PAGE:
Never mind the ubiquity of beet and goat cheese salads. Beets are still regarded warily. Like many food fears, this is likely an issue of 1) history, and 2) texture.
Beets can take a long time to cook, and they make a literal bloody mess, so maybe that's why canned beets exist. Surely it's not because they taste good. (Though, let's get real, I ate my fair share from my college salad bar.)
And then even the most carefully roasted beets can have an unsettling bite, the type that leaves imprints of your teeth. I don't mind it, but I can see how one might be turned off by a beet's firm flabbiness.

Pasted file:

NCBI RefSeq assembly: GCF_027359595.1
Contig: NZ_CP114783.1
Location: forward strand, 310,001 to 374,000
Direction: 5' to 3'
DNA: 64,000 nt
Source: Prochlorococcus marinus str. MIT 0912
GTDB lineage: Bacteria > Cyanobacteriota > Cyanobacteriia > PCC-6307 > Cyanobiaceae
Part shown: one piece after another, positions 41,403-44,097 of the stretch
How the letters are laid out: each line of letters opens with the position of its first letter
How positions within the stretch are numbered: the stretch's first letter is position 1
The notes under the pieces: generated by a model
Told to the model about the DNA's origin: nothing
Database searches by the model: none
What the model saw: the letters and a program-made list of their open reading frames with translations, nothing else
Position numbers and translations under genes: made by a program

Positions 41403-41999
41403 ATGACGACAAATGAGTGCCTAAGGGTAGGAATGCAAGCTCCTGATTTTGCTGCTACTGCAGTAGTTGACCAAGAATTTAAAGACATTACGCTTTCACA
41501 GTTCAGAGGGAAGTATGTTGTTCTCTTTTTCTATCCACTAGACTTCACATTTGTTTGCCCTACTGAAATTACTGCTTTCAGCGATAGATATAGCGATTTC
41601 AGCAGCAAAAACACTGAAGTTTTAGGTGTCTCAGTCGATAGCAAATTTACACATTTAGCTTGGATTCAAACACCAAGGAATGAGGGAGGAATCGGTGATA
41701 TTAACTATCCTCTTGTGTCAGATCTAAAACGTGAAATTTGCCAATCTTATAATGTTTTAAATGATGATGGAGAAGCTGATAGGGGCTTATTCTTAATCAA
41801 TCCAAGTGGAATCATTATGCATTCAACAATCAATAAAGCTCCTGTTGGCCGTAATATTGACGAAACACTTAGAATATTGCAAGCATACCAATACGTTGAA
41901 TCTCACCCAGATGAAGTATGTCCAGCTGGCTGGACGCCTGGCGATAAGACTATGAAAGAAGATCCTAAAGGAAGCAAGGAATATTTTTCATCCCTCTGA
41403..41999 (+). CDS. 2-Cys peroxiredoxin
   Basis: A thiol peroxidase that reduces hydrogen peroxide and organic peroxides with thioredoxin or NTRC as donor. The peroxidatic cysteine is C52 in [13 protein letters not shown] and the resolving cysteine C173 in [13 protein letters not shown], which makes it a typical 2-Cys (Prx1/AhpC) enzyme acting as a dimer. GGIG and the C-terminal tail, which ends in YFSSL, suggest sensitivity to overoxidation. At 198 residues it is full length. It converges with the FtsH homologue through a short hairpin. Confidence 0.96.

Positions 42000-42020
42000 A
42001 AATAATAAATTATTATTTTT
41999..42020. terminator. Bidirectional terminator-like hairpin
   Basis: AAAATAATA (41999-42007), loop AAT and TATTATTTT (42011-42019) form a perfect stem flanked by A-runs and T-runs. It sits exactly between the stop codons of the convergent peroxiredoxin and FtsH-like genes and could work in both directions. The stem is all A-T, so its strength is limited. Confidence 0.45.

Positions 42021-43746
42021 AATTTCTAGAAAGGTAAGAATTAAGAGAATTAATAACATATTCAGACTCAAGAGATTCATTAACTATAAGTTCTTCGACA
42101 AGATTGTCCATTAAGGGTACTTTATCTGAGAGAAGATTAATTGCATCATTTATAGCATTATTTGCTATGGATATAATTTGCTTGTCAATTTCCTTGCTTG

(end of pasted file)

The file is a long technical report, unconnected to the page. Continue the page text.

As a textural challenge, I mixed some roasted beets with some classic accompaniments, tweaked to change the beet's textural gestalt. First, I drained some Greek yogurt, then mixed it with some tahini, for a thick, hearty base. Texture is a relative thing, and this mixture gave the beets more swagger, making it something that clings to rather than flops on the spoon. Then I toasted some sesame seeds for crunch and nubbles. If beets are weirdly cartilaginous, then this dish is the whole body -- flesh, curves, ornamentation.
Do beet haters like it? I don't really know, because I ate all of it.